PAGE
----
Commissioning of expansion by CHCC spells an oversupply situation for the local market with a bleak demand outlook, pointing towards significant pressure on prices. The base case assumption of a conservative FY19 average price of Rs585/bag as compared to 7MFY19 average of Rs595/bag) for North, should pricing stand its ground even after commencement of CHCC’s expansion, this would result in upward revision in estimates with CHCC itself being the biggest beneficiary. We maintain our underweight stance on the sector with FCCL as top pick.

Oil marketing companies (OMCs) started 2019 on a bleaker note with declining sales numbers excluding Furnace Oil (FO) sales continued to portray downward trend (down 16%YoY in January 2019) in its monthly numbers for last few months due to 1) slowdown in economic activities, 2) inflationary pressure and 3) smuggling of diesel from Iran. Product wise, HSD sales were down 25%YoY, while petrol sales were up marginally by 2%YoY after posting decline for 3 consecutive months. FO monthly sales were at their highest despite posting decline of 15%YoY. Compared to last month, FO was up 60%MoM. Cumulatively during 7MFY19, FO was down 62% amidst its lower usage in power generation after availability of relatively cheaper fuel sources like coal and RLNG. Among Companies, Hascol attained market share of 14% in overall volumes after witnessing depressed performance where its market share averaged 8-11% for last few months. To note, in Dec 2018 Hascol market share fell to 8% amidst higher discounts offerings by its competitors. For 7MFY19, oil sales came down by 30%YoY amidst aforementioned reasons. Product wise, HSD was down 22%YoY while, MS Oil sales witnessed fall of 2% after posting positive growth for a decade.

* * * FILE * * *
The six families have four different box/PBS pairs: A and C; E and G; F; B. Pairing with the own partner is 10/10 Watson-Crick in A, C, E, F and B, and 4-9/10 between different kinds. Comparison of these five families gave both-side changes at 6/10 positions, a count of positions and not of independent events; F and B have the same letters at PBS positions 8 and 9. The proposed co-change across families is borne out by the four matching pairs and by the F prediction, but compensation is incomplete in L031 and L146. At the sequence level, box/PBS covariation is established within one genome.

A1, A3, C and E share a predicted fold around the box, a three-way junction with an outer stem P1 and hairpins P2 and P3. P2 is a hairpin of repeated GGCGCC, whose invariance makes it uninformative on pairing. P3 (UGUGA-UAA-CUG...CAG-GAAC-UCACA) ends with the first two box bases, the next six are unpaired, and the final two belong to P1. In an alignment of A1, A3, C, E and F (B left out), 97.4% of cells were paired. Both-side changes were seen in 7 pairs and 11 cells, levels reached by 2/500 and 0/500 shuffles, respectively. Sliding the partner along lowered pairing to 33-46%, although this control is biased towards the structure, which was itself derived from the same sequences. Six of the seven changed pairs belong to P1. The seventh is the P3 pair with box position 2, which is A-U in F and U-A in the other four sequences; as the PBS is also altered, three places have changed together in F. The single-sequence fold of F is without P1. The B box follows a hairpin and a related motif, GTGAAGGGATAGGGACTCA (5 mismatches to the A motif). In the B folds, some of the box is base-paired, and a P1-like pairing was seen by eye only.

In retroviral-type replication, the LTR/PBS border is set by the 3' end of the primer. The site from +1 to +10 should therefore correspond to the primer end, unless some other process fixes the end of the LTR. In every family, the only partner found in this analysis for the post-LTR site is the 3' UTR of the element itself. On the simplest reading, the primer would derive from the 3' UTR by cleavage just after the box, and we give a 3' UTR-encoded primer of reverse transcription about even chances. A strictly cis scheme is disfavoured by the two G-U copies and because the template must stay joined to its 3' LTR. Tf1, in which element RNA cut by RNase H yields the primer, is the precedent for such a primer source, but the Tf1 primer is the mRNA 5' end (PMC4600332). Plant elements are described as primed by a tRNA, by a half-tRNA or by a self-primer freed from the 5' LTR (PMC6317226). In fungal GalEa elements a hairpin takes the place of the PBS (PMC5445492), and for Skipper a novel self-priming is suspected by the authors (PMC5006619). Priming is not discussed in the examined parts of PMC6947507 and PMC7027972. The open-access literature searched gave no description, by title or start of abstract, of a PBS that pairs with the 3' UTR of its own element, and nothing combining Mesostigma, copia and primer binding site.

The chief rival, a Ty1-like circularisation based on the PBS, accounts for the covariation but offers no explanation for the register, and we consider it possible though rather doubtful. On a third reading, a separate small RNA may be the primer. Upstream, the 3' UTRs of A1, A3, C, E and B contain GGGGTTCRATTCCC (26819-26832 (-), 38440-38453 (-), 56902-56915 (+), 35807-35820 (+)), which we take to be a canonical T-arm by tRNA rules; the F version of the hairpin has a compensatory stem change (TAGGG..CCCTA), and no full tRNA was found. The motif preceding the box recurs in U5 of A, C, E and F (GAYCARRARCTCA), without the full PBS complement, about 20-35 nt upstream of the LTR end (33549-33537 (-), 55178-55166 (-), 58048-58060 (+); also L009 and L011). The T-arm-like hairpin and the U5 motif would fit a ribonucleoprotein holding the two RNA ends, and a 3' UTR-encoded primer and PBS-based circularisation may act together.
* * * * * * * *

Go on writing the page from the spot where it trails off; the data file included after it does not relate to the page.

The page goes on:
Fauji Fertilizer (FFC) beats market consensus by posting earnings of Rs6.4 billion (EPS: Rs5.00), up 37%YoY mainly due to higher urea retention prices (+21%YoY net of subsidy) during 4Q2018 and higher margins on DAP as FFC was holding DAP inventory of 264,000 tons at the beginning of the 4Q2018 after which DAP prices surged Rs200-250 per bag amidst rupee depreciation during Oct-Dec 2018 quarter. Gross margins from core operations (fertilizer) were only 20bps higher than analysts’ forecast estimates of 27.8% (vs. 28.0% actual) estimates. Earnings deviated from our estimates due to relatively higher income from associated/JV companies and other income. Net sales of FFC grew by 7%YoY despite 18%YoY drop in urea dispatches during 4Q2018 as urea and DAP prices swelled 25%YoY and 30%YoY, respectively. Financial cost declined by 9%YoY to Rs588 million during 4Q2018 due to lower borrowings amidst availability of cash flows from accrual of GIDC. The increase in distribution expense was in line with sales growth.

FFC also declared cash dividend of Rs3.9/share, taking full year distribution to Rs8.8/share. Key risks to FFC include: 1) decline in international urea prices, 2) slower than expected urea sales, 3) unfavorable decision related to GIDC and 4) poor crop season.